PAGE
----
A great warning to all of us who pay megabucks for expensive cruises then risk the fruits of our photographic labors due to lack of backup. A couple years ago I decided not to carry my big heavy DSLR with me on a 2-week river cruise from Budapest to Amsterdam. Since I had a nifty Samsung Galaxy phone that took great pictures I thought I would try freeing myself. When we arrived in Amsterdam, a team of pickpockets nearly knocked me over in a bus and stole my phone. Won't do that again! And now I make sure all my phone pics are backed up to Google Photo and Amazon Prime Photo. Google Photo works really well, Amazon Prime not so much. But eventually I get the photos uploaded to Amazon for two backups. But now my Sony A7II has a reserved spot for every trip.

 

I recently went to Antarctica and didn't want to drag along my laptop. I found a neat Western Digital solution. I can stick a chip in and have it automatically copy over all the files, leaving the originals in place on my camera chip. Much less weight and I was also able to use the device's wifi capability to copy over selected pictures direct to my iPad so other cruisers could ooh and aah over them! 

 

At home, I must have 4 or 5 copies of my pictures folders going back to 2003. Probably my most precious possession! I still need to rent a safe deposit box and store one of the drives off site... 

P3070158a.jpg

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Digital storage:  

 

0) I have never been a cloud guy all at home

1) The portable media ( probably dump them once a month in the old days, these days once a quarter to half a year, them 64GB cards hold a lot )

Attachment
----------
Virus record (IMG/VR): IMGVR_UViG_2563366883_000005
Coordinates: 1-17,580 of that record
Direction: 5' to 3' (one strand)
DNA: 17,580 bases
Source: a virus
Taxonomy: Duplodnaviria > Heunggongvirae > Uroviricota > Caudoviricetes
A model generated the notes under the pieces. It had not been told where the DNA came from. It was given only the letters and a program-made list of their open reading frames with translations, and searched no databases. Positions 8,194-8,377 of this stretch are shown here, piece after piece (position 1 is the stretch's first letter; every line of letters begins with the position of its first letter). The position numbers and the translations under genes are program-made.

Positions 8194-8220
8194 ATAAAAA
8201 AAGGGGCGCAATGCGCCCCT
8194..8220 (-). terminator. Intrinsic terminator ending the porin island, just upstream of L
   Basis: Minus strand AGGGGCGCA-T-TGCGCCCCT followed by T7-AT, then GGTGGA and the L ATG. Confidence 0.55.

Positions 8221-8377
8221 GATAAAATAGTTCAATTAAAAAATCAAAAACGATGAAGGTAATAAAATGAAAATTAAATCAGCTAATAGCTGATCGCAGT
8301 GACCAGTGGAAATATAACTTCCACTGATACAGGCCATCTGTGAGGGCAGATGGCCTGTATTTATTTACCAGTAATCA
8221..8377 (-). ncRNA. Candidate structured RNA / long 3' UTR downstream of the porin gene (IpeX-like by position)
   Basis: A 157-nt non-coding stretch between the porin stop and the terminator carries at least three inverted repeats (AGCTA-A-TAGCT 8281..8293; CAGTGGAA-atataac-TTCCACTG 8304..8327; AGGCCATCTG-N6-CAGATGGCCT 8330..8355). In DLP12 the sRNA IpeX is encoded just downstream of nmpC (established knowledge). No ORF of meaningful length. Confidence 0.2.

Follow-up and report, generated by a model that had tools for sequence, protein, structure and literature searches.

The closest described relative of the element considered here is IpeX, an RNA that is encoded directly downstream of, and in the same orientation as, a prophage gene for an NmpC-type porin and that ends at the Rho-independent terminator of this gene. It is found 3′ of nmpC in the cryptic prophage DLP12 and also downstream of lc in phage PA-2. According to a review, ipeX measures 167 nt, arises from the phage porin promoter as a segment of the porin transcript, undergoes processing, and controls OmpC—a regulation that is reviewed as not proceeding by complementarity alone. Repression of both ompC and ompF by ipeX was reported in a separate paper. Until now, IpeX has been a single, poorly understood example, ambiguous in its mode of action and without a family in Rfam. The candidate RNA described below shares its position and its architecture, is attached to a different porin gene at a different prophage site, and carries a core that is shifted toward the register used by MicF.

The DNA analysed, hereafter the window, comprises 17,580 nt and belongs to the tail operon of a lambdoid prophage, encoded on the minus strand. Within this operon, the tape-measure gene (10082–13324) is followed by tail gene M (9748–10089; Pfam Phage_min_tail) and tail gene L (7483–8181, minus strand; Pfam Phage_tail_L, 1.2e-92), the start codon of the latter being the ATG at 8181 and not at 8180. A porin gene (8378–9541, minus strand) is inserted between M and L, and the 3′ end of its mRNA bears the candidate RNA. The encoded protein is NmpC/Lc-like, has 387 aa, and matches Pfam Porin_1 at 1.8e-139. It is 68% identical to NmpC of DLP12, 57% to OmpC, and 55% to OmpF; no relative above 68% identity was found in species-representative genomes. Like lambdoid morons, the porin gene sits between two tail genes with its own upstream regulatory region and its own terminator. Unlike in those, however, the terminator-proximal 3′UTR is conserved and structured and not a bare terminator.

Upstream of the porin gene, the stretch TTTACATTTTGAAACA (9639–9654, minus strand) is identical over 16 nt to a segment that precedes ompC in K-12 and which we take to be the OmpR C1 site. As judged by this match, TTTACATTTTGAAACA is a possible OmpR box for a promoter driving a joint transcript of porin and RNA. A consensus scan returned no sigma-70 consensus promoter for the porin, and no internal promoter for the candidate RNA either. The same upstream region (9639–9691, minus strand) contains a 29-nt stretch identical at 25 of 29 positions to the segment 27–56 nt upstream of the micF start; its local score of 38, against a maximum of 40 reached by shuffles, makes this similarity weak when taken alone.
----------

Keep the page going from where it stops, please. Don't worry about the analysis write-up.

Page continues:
2) Primary copy my home compueter

3) Backup copy portable HDD that travels with me ( 3 TB), I'm on the road 70% of the time 

4) Backup copy II at home (3TB) seperate from my computer and off the network

5) Have older pictures on archived portable HDD1 ( 1 TB  start-2012 ), HDD2 (  2TB start-2017 ), then the current two HDD ( 3TB start - current )

 

In the end the best pictures are a few extra places floating around.   

 

 

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On 7/20/2019 at 9:02 PM, cherylgrrl said:

 

 

I recently went to Antarctica and didn't want to drag along my laptop. I found a neat Western Digital solution. I can stick a chip in and have it automatically copy over all the files, leaving the originals in place on my camera chip. Much less weight and I was also able to use the device's wifi capability to copy over selected pictures direct to my iPad so other cruisers could ooh and aah over them! 

 

 

May I ask what exactly is the Western Digital solution?  My husband is looking for a way to backup his pictures while we travel without having to take a laptop. Thanks

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33 minutes ago, 487 said:

 

May I ask what exactly is the Western Digital solution?  My husband is looking for a way to backup his pictures while we travel without having to take a laptop. Thanks

 

I bought the WD My Passport Wireless Pro. It cost about $170. There is a solid state version that is more expensive, but this has worked fine for me.

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38 minutes ago, 487 said:

 

May I ask what exactly is the Western Digital solution?  My husband is looking for a way to backup his pictures while we travel without having to take a laptop. Thanks

 

Not sure about the Western Digital solution.  I download pictures to a tablet (never deleting them from the card).  The tablet is then set to automatically upload to the cloud when there is free wifi.

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1 hour ago, cherylgrrl said:

 

I bought the WD My Passport Wireless Pro. It cost about $170. There is a solid state version that is more expensive, but this has worked fine for me.

 

Thank you. He’ll check into it.